- Aimlessly Pursuing Ambitious Goals: To create an effective goal, you need to strike a balance between ambition/inspiration and achievable reality. OKRs encourage you to push the boundaries of imagination when setting goals, but be mindful that limits still exist. Exceeding these boundaries can turn goals into “wild” ones. The side effects of overambitious goals include eroding the culture, reducing motivation, and tempting participation in risky or unethical behavior.
Commitment OKRs or Aspirational OKRs #
If your business is just starting to adopt the OKR framework or is still in the process of introducing it to your teams, the most effective approach would be Commitment OKRs.
Commitment OKRs boost team motivation and commitment when a goal is accomplished. Moreover, teams will quickly develop the habit of using Commitment OKRs and integrate them into the workplace culture.
Then, once you have been using OKR thinking for a while, Aspirational OKRs may be a great fit.
However, it takes time to establish a results-oriented culture. It demands persistence, discipline, and a change in the way employees are managed. Therefore, it’s advisable to start with a more straightforward approach, focusing on mastering the methodology and establishing the necessary processes for OKRs to function.
Occasionally, your team may feel overwhelmed and stressed if you set highly ambitious OKRs right away. Overly ambitious Key Results can quickly turn into a nightmare and erode the team’s motivation to achieve their goals.
A new approach takes time to learn. You can consider adopting ambitious OKRs when your team is familiar with the framework, and it has a place in their daily work life.
Well-Defined OKRs #
Here are some characteristics of well-defined OKRs:
- Easily understandable; anyone reading them can comprehend even without specialized expertise.
- Avoid overly technical language and undefined abbreviations.
- Measurable and easy to track within the quarter.
- Focus on results and impact rather than product delivery and deadlines.
- Not tied to compensation.
- A reasonable number of OKRs and Key Results.
Poorly Defined OKRs #
Here are some characteristics of poorly defined OKRs:
- They seem to be relevant to only a small part of the organization.
- Vague or difficult to understand language.
- Key Results are challenging to assess progress.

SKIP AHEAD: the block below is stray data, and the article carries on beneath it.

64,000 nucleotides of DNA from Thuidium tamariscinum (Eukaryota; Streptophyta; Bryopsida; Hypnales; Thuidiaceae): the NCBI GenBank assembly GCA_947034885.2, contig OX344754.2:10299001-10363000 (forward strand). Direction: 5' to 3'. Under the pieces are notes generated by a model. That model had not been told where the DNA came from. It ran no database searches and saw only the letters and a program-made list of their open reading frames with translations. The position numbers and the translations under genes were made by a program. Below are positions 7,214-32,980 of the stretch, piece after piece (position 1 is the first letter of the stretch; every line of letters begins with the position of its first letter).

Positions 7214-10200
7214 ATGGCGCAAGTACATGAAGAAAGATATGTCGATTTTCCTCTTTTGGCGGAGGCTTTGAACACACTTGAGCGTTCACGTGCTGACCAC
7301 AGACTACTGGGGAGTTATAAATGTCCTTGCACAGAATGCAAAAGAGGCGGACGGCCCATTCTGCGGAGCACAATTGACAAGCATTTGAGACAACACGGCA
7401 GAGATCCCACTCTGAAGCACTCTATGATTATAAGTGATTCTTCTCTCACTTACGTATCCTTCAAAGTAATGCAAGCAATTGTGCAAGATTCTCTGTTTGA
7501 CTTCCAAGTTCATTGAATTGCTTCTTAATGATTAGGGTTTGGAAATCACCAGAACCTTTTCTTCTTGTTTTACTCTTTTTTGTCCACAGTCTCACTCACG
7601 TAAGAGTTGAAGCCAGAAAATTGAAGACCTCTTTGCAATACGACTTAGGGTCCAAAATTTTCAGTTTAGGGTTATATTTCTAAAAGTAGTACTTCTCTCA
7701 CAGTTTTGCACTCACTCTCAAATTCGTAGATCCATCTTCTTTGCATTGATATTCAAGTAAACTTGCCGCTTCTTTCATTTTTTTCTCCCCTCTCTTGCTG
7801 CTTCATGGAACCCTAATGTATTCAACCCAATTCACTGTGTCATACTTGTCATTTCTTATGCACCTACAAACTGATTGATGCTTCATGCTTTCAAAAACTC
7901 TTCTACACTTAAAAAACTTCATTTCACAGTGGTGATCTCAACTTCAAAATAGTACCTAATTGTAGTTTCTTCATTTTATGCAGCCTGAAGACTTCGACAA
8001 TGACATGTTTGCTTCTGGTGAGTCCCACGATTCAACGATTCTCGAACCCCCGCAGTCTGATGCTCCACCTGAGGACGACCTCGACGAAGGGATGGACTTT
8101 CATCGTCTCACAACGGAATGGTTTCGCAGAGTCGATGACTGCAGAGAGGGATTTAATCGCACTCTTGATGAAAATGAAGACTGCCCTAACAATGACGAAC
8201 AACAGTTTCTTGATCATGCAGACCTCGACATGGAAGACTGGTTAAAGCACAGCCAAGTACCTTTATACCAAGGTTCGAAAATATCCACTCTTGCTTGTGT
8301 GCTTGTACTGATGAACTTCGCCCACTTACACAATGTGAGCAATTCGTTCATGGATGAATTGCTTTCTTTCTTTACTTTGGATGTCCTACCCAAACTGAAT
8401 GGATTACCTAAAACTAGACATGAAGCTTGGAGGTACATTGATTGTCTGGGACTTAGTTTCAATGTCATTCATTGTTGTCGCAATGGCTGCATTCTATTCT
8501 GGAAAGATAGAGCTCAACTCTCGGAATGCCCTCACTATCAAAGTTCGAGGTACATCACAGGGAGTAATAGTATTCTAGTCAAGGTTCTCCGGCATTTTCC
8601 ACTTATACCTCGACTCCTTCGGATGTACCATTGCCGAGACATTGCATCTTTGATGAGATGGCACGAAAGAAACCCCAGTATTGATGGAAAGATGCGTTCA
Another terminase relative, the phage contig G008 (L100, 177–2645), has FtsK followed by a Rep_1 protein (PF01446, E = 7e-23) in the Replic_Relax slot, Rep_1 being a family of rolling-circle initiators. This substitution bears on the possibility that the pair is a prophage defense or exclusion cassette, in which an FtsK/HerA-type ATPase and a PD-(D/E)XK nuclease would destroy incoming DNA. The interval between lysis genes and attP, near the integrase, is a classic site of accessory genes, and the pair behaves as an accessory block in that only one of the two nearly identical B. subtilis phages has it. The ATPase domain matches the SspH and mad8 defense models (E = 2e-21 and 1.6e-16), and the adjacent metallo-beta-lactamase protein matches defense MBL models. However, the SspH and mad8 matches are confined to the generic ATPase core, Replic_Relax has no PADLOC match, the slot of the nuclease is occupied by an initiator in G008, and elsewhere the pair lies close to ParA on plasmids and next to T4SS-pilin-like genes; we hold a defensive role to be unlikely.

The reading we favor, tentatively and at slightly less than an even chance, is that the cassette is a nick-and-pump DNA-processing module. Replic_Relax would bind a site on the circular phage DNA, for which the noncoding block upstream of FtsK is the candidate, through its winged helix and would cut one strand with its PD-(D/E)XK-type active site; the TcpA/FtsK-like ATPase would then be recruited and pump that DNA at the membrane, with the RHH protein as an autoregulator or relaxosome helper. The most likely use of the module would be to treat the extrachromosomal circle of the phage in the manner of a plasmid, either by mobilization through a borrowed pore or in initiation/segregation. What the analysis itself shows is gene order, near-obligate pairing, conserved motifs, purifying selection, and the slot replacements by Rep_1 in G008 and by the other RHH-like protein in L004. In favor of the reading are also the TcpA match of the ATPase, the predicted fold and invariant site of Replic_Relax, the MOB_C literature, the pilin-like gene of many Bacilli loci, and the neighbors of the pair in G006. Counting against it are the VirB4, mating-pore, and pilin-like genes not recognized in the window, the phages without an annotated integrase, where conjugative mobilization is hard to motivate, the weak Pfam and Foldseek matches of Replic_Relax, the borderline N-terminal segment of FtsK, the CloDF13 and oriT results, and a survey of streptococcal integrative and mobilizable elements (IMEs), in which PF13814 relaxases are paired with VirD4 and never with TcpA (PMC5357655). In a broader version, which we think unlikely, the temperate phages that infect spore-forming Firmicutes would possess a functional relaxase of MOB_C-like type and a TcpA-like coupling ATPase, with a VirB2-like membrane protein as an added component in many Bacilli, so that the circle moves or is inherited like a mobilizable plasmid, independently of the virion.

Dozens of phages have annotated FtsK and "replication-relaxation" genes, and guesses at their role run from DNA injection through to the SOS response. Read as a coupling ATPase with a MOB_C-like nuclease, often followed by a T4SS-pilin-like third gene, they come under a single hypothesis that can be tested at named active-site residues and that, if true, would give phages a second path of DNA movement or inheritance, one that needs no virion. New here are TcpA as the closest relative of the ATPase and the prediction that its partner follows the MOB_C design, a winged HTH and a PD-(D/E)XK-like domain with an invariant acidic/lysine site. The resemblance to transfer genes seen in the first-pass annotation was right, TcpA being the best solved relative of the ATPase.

- They look like a different presentation of a roadmap.
- They are used for performance management rather than linking teams.
- Too many objectives/key results.
OKRs and KPIs #
OKRs and KPIs are two forms of objectives with different purposes. Let’s take a closer look at this difference:
- KPIs are like a flashlight. They are a performance measurement tool used to evaluate the success, output, quantity, or quality of a process or operation currently taking place. These processes or operations are often already in place within your team and organization.
- On the other hand, OKRs provide the missing link between ambition and reality. They help you break the status quo and take you into territories often uncharted. If you have a big dream, something you want to achieve with your organization or team in the future, you need OKRs to guide you there.
Although OKRs and KPIs have a clear difference in their intended use, they can still work together seamlessly. This combination provides you with all the tools to manage the state of the entire organization for maximum efficiency.
Imagine your organization is a car, and you are driving to a destination.
- Your KPIs are what you will find on the car’s dashboard, such as the fuel temperature gauge and engine status. These are things you need to continuously monitor to ensure your engine doesn’t overheat and you don’t run out of gas.
- On the other hand, your OKRs are like the directions guiding you to your destination. These are temporary goals and will change over time. So, as you pass one milestone (towards your destination), you focus on the next one.
OKRs and EOS Model #
As you’ve learned about OKRs above, OKR is a mindset framework to help businesses manage objectives, aiming for end results.
OKRs are composed of elements: Objectives + Key Results + Initiatives or projects.
On a broader level, EOS is a holistic operational model based on 6 components: Vision, People, Data, Process, Issues, Traction. Within each component, there are 2 tools to help businesses operate that component effectively, especially in the Traction component, EOS provides a tool called ROCKS, which can be broadly understood as similar to Commitment OKR.